Three Transitions for Ethereum’s Survival
Ethereum co-founder Vitalik Buterin believes the success of Ethereum will come down to three major technical “transitions” that need to happen almost simultaneously — layer-2 scaling, wallet security and privacy-preserving features.
Layer-2 Scaling: A Must for Ethereum’s Survival
In a June 9 post via his personal blog, Buterin explained that the Ethereum blockchain outright “fails” without sufficient scaling infrastructure to make transactions cheap.
“Ethereum fails because each transaction costs $3.75 ($82.48 if we have another bull run), and every product aiming for the mass market inevitably forgets about the chain and adopts centralized workarounds for everything,” he said.
Smart Contract Wallets: A Double-Edged Sword
Another point of failure, according to Buterin, relates to smart contract wallets.
He explained that a move to smart contract wallets has caused some issues, because of complexities from the user experience side of things when users take control of multiple addresses at once.
Moreover, in the context of an on-chain world with zero-knowledge rollups, wallets would need to secure not only crypto assets but also user data.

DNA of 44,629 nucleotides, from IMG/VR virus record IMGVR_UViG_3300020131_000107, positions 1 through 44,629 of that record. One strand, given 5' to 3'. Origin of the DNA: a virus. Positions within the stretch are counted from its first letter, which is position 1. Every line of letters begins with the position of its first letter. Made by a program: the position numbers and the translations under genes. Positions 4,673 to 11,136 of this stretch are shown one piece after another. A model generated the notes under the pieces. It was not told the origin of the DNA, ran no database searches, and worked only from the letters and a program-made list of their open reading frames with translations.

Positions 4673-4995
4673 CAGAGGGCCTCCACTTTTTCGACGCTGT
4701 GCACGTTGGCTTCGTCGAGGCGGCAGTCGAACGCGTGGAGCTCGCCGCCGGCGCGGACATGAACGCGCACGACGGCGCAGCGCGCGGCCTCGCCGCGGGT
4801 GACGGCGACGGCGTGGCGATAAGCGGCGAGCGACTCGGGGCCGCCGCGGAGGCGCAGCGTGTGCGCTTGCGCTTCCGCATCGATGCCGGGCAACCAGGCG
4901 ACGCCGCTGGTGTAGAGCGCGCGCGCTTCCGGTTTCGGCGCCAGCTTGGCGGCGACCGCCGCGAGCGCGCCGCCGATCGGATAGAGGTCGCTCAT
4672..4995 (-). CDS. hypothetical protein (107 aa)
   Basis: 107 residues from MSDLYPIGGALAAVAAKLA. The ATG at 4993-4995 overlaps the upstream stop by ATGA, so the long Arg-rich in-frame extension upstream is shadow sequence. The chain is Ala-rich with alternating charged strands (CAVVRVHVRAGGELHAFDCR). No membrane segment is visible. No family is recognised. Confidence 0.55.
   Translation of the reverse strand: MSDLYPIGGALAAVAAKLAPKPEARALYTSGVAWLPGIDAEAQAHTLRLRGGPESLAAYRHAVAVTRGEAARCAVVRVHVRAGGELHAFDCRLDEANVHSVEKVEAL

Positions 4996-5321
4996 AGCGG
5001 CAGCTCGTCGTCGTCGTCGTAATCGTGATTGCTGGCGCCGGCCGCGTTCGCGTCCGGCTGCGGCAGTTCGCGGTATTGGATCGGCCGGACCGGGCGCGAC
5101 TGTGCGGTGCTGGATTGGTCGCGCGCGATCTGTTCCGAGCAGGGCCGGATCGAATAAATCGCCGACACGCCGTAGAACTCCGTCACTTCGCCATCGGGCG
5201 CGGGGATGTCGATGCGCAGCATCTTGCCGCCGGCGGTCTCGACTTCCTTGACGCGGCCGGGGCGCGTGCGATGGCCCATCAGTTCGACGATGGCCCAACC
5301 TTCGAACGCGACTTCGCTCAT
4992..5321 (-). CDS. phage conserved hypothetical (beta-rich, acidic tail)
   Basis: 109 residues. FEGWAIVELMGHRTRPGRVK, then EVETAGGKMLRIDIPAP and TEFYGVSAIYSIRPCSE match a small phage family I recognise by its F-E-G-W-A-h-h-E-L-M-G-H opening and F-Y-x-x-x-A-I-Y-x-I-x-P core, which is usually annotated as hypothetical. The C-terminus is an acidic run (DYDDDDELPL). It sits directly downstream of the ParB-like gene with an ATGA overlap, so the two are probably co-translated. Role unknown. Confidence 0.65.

“In a ZK world, however, this is no longer true: the wallet is not just protecting authentication credentials, it’s also holding your data.”
Privacy: An Essential Transition for Ethereum
The last of Buterin’s three transitions — privacy — will need to come in the form of improved identity, reputation and social recovery systems.
“Without the third, Ethereum fails because having all transactions (and POAPs, etc) available publicly for literally anyone to see is far too high a privacy sacrifice for many users, and everyone moves onto centralized solutions that at least somewhat hide your data,” he said.
To resolve this issue, Buterin suggested that stealth addresses could be implemented.
The Challenge of Coordination
Achieving all three transitions will be “challenging” because of the “intense coordination” involved between them, Buterin admitted.
These transitions, according to him, “weaken” the “one user — one address” model, potentially complicating the way transactions are executed.
“If you want to pay someone, how will you get the information on how to pay them?”
“If users have many assets stored in different places across different chains, how do they do key changes and social recovery?” he questioned.
A Call to Improve User Experience
Buterin concluded by stressing the need to build infrastructure that ultimately improves user experience:
“Despite the challenges, achieving scalability, wallet security, and privacy for regular users is crucial for Ethereum’s future. It is not just about technical feasibility but about actual accessibility for regular users. We need to rise to meet this challenge.”